Editors have budgets and guidelines for paying their writers, and I go along with the rates they advertise. As far as travel writing tips go, I haggled with an editor once and got an additional $50 for my efforts. So it’s possible to do this, but generally I don’t think it’s worth the effort. I prefer to accept what the editors offer.
Rather than squeezing more money out of one editor, I like to find other editors that will be interested in the same article or a similar one and resell my article to them.
To make the most money possible from each article, I use techniques like reselling, repackaging and repurposing to earn more from each one. See the links referenced for more information about how I do this to earn more for each story I write.
A. For your writing credentials and bylines, you can do something like this in your query letters:
I've written an article called "No Bylines - No Problem" that will give you more information.
A. Your first task is to get one or
more assignments with magazines or newspapers before you approach the
state or local tourist agencies. Online publications count, too, as the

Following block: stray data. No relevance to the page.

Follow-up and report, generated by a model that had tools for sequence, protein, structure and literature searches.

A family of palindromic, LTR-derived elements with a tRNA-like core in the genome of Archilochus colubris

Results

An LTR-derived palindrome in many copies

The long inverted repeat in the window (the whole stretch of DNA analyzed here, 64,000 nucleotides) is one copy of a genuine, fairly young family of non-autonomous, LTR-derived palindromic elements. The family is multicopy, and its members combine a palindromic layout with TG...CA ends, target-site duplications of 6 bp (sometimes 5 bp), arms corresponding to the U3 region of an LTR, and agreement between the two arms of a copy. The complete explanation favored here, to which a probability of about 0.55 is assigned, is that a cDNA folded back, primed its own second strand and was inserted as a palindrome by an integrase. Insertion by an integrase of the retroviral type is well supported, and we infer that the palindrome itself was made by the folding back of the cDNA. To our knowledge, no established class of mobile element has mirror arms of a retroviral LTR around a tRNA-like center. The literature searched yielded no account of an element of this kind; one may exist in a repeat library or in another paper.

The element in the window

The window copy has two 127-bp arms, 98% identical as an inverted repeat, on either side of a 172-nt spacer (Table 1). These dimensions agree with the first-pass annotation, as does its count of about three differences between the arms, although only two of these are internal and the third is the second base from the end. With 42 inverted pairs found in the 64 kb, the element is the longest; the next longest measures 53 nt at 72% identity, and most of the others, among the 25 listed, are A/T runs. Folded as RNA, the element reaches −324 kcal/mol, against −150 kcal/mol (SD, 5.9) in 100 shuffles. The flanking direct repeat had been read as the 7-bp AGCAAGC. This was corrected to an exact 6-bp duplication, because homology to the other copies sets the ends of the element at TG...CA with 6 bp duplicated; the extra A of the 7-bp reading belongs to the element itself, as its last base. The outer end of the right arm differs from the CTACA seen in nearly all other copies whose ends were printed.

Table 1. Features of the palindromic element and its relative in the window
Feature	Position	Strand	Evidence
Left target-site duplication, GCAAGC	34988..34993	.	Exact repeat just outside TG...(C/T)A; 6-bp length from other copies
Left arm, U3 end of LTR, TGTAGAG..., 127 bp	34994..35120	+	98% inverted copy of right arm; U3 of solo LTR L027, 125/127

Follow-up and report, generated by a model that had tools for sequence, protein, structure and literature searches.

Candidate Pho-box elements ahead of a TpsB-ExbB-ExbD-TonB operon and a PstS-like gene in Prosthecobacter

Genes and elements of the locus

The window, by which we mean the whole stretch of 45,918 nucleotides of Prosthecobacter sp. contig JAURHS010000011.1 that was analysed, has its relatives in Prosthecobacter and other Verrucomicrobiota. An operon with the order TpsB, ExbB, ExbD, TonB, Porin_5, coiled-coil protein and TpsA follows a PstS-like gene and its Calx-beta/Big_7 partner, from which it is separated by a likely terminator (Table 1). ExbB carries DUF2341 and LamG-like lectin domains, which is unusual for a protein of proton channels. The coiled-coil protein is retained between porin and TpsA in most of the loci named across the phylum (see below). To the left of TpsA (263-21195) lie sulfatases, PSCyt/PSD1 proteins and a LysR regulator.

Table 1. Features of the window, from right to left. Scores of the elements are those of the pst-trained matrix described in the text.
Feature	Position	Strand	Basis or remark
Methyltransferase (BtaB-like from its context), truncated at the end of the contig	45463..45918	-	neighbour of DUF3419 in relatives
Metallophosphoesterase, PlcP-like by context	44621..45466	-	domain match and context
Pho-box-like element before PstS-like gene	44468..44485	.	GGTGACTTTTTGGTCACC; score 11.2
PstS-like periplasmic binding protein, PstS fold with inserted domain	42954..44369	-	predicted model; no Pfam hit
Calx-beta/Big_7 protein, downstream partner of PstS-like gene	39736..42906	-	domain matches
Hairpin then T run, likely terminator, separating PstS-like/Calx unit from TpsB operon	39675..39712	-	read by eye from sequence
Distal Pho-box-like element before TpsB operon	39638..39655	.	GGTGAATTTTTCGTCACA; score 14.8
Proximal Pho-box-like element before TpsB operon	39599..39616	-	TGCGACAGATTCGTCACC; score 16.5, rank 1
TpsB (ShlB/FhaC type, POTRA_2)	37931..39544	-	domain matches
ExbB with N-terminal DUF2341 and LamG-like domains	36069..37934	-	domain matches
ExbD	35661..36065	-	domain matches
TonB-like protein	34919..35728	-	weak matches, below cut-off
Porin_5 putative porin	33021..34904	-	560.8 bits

tourist agencies want to use every avenue for getting word out about
The tourist offices won't be able to help you until you have your assignments confirmed by the editor of a magazine(s) so pay attention to this travel writing tip - it's critical!
I recommend securing more than one assignment when you’re looking for assistance with travel expenses. The more assignments you have, the better chance you have of the state tourist agency helping with airfare. And the local CVB will not line up comp accommodation/meals for you until you have assignment(s).
So fire out those query
letters to any magazines or online travel magazines that you think would
be interested in your story. Once you have your assignments, then
contact the tourist agencies. Here's a guide I wrote that tells you exactly how to do it:
How to Land Press Trips and Fam Tours
I've written a guide about how to land press trips. It will tell you everything you want to know about how to get into the inner circle and get invited on regional, national and international press trips.
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Roy Stevenson is a professional travel writer and the author of www.PitchTravelWrite.com. Over the past ten years, he’s had more than 1000 articles published in 200 magazines, trade and specialty journals, in-flights, on-boards, blogs and websites and has traveled on assignment around the U.S. and to dozens of international destinations.